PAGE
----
AMD MI300 – Taming The Hype – AI Performance, Volume Ramp, Customers, Cost, IO, Networking, Software
Amazing engineering, but what of the path to market?
With massive GPU shortages and Nvidia charging ~5x markups versus manufacturing costs, everyone in the industry is desperate for an alternative. While Google has a structural perf/TCO advantage in AI workloads internally versus other big tech firms due to their mature hardware and software with their TPUs and OCS, there are structural issues that we believe will prevent them from becoming the leader for external use.
Google TPUs will only ever be available from 1 firm in 1 cloud.
Google doesn’t disclose their chips until well after they are deployed where as large buyers need it documented before launch with early access systems available before ramp.
Google refuses to document hardware at a low level externally for those wizards who want to write custom kernels to maximize performance.
The gatekeeping of Google's biggest technological advancements in AI infrastructure will keep them on the backfoot vs Nvidia based cloud offerings, structurally, unless Google changes their modus operandi. Inhouse chips from other clouds such as Amazon and Microsoft are still very very far behind.
In the world of merchant silicon, Cerebras is currently the closest competitor with solid performance on GPT-3 and impressive open-source models, but hardware accessibility is very limited with each individual server costs millions of dollars. The only way to access Cerebras in the cloud is through their own offering. The lack of access hurts development flexibility. The life blood of the Nvidia ecosystem is people developing on a wide variety systems, from their gaming GPU that costs hundreds of dollars to being able to eventually scale to systems with tens of thousands of GPUs on premises or with all 3rd party cloud service providers. While other startups such as Tenstorrent show promise, we believe the hardware/software is still a bit away from really hitting its stride.
Intel, the largest merchant silicon provider in the world, is nowhere to be found despite acquisitions of 2 different datacenter AI hardware firms, Nervana and Habana. Nervana was killed a few years ago, and the same seems to be happening to Habana now. Intel is currently on their 2nd generation Habana Gaudi 2 with little to no adoption besides some instances available on AWS. Furthermore, Intel is already communicating the roadmap as dead with the product being rolled into the 2025 Falcon Shores GPU. Intel's GPU, Ponte Vecchio isn’t faring any better. It is quite late, having only recently completed delivery to the long-delayed Aurora supercomputer, with no successor for another 2 years. It’s performance is generally uncompetitive with Nvidia’s H100 GPU.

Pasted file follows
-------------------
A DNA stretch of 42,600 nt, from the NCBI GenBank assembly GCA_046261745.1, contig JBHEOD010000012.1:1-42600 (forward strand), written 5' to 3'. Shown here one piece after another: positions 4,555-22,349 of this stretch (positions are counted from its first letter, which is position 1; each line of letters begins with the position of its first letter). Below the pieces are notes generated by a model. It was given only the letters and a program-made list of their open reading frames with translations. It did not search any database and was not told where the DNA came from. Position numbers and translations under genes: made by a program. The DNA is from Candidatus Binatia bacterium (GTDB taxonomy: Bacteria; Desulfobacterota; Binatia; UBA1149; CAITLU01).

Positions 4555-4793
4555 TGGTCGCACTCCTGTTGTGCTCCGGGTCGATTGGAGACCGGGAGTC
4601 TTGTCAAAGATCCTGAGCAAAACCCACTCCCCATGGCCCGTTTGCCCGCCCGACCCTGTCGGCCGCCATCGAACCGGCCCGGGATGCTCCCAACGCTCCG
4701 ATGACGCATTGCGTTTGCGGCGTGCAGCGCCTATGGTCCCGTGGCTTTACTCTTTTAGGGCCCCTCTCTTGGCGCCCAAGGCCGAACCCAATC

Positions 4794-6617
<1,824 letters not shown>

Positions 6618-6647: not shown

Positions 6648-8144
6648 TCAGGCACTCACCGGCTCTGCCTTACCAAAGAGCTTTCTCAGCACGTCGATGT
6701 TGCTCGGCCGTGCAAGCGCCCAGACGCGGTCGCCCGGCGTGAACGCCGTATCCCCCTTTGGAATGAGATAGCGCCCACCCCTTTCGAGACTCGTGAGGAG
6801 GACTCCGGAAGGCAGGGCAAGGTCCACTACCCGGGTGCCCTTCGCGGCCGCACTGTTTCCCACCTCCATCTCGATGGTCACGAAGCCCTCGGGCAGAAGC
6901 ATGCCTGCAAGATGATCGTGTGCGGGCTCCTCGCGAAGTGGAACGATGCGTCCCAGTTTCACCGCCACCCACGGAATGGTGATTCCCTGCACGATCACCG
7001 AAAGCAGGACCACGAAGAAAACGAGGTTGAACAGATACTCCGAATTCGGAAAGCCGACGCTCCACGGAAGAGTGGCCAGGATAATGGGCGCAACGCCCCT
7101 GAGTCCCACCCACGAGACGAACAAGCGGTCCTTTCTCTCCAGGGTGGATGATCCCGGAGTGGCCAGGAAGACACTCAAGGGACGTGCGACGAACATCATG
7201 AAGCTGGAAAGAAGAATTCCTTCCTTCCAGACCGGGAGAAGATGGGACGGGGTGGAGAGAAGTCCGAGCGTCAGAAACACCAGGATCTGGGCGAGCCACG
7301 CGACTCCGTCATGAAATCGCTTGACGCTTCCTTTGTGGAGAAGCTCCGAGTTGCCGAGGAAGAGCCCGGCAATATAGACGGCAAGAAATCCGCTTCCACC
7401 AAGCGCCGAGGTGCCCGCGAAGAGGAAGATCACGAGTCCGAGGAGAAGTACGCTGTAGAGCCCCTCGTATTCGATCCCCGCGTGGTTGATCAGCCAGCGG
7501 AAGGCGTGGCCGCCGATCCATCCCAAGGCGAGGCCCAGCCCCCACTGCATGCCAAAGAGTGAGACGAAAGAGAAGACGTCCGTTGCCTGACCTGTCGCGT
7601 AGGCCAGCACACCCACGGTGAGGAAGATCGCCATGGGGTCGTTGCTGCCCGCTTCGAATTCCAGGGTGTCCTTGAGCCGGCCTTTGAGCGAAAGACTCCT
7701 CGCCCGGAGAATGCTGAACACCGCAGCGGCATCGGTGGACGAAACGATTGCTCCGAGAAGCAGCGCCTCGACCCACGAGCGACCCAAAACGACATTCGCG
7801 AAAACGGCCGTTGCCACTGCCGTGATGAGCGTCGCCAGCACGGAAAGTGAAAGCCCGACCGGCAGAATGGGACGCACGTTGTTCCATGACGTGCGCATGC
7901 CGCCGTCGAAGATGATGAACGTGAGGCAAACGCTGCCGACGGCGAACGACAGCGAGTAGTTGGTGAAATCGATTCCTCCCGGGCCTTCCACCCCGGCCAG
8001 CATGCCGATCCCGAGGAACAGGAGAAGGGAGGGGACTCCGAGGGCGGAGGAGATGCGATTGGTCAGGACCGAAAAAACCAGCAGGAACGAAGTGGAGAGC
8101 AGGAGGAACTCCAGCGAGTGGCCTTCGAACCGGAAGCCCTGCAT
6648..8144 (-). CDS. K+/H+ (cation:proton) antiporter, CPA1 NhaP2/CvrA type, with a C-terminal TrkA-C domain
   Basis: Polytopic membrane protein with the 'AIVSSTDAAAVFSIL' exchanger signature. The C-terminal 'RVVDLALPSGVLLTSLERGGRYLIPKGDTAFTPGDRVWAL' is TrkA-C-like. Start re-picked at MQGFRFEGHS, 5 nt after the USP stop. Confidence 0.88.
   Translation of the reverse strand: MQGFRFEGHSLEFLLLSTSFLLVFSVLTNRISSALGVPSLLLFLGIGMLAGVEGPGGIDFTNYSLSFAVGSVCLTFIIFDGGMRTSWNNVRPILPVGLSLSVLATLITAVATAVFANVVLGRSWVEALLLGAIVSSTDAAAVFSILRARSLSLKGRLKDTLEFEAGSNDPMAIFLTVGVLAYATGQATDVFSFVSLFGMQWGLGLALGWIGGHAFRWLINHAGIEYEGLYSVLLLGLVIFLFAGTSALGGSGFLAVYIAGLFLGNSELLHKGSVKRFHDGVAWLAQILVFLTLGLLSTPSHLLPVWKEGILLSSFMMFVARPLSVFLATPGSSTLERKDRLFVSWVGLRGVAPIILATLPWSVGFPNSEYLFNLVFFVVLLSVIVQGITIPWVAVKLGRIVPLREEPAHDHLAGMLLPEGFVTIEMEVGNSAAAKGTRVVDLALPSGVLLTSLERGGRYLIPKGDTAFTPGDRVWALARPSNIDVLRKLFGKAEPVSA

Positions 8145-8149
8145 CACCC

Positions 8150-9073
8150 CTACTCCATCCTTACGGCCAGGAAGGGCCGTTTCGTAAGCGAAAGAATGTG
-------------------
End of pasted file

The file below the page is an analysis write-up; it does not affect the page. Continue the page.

As an aside, we will be hosting a discussion about open-source AI, AI hardware, and RISC-V with participation from Raja Koduri, Tenstorrent’s Jim Keller, Cerebras’ Andrew Feldman, and Meta’s Horace He on June 27th in San Jose. Free registration!
AMD MI300 Explaining The Hype
To tame the hype, we must first know why the hype is there in the first place. Everyone wants an alternative. AMD is the only firm that has a track record of successfully delivering silicon for high performance computing. While this mostly applies to their CPU side being a well-oiled execution machine, it also extends further. AMD delivered HPC GPU silicon in 2021 for the world's first ExaFLop supercomputer, Frontier. While the MI250X powering Frontier served its primary job sufficiently, it failed to garner any leverage amongst the big spenders of cloud and hyperscalers.
Now, everyone is looking forward to AMD’s MI300 which will be delivered later this year to El Capitan, their 2nd Exascale supercomputer win. For that reason, AMD’s upcoming MI300 GPU is one of the most discussed chips once you leave Nvidia land. SemiAnalysis has been discussing the MI300 chip’s developments since the first half of last year. We’ve been closely following the software landscape for it with Meta’s PyTorch 2.0 and OpenAI’s Triton. There hasn’t been this much buzz for a datacenter chip since Nvidia’s Volta GPU and AMD’s Rome CPU.